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Monochorionic-monoamniotic twins

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Monozygotic twins that share the same chorion and amniotic sac


Twins may be classified according to the degree of separation in utero, i.e. according to chorionicity (placentae) and amniocity (i.e. number of amniotic sacs): (1) dichorionic-diamniotic twins, (2) monochrorionic-diamniotic twins, (3) monochorionic-monoamniotic twins, and (4) conjoined twins.

In monochorionic-monoamniotic (MoMo) twins, the twins share the same chorion and amniotic sac in utero. They may share the same placenta and amniotic sac but they separate umbilical cords.

The survival rate is about 50% to 60%.1 MoMo twinning is associated with risks such as twin-to-twin transfusion syndrome. It is when one twin receives more of the nourishment than the other resulting in the other's undernourishment. There is also a high risk that the umbilical cords of the fetuses would be tangled around them. Thus, there is a probability of miscarriage or cerebral palsy due to lack of oxygen caused by cord entanglement.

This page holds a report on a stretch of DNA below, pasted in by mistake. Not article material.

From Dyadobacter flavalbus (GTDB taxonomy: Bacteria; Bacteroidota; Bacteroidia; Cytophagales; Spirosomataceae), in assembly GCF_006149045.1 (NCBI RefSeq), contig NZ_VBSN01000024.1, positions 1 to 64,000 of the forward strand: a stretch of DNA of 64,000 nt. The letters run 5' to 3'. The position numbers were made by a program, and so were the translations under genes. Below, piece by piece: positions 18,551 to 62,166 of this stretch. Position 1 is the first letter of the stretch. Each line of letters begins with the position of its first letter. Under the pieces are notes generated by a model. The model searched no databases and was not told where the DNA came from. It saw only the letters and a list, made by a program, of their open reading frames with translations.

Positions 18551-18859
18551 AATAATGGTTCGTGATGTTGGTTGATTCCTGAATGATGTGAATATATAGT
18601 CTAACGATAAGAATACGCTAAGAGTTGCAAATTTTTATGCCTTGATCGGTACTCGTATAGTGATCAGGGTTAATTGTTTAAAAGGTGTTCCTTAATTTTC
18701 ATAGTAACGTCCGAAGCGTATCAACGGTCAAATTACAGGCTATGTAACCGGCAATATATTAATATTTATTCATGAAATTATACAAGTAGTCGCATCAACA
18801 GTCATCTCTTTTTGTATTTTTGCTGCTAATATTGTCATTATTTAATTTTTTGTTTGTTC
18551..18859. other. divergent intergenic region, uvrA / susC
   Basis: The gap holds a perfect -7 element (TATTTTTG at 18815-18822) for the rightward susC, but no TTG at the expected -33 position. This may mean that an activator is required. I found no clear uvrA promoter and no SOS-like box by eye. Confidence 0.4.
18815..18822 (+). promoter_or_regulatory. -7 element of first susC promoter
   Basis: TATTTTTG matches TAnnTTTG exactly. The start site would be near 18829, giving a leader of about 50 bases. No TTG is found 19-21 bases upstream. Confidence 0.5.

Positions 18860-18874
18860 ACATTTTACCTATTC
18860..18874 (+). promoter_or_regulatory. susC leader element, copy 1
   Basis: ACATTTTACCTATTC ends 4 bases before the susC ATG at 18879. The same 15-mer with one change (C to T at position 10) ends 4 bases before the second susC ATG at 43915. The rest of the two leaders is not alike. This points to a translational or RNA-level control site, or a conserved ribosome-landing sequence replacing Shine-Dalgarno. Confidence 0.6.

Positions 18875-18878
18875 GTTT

This type of twinning develops when the split takes place after day 9 post-fertilization, when the amniotic sac has formed.2

See also:

1 Twin. Retrieved from [[1]].
2 Shulman, L. S. and Vugt, J. M. G. van (2006). Prenatal medicine. Washington, DC: Taylor & Francis. pp. 447.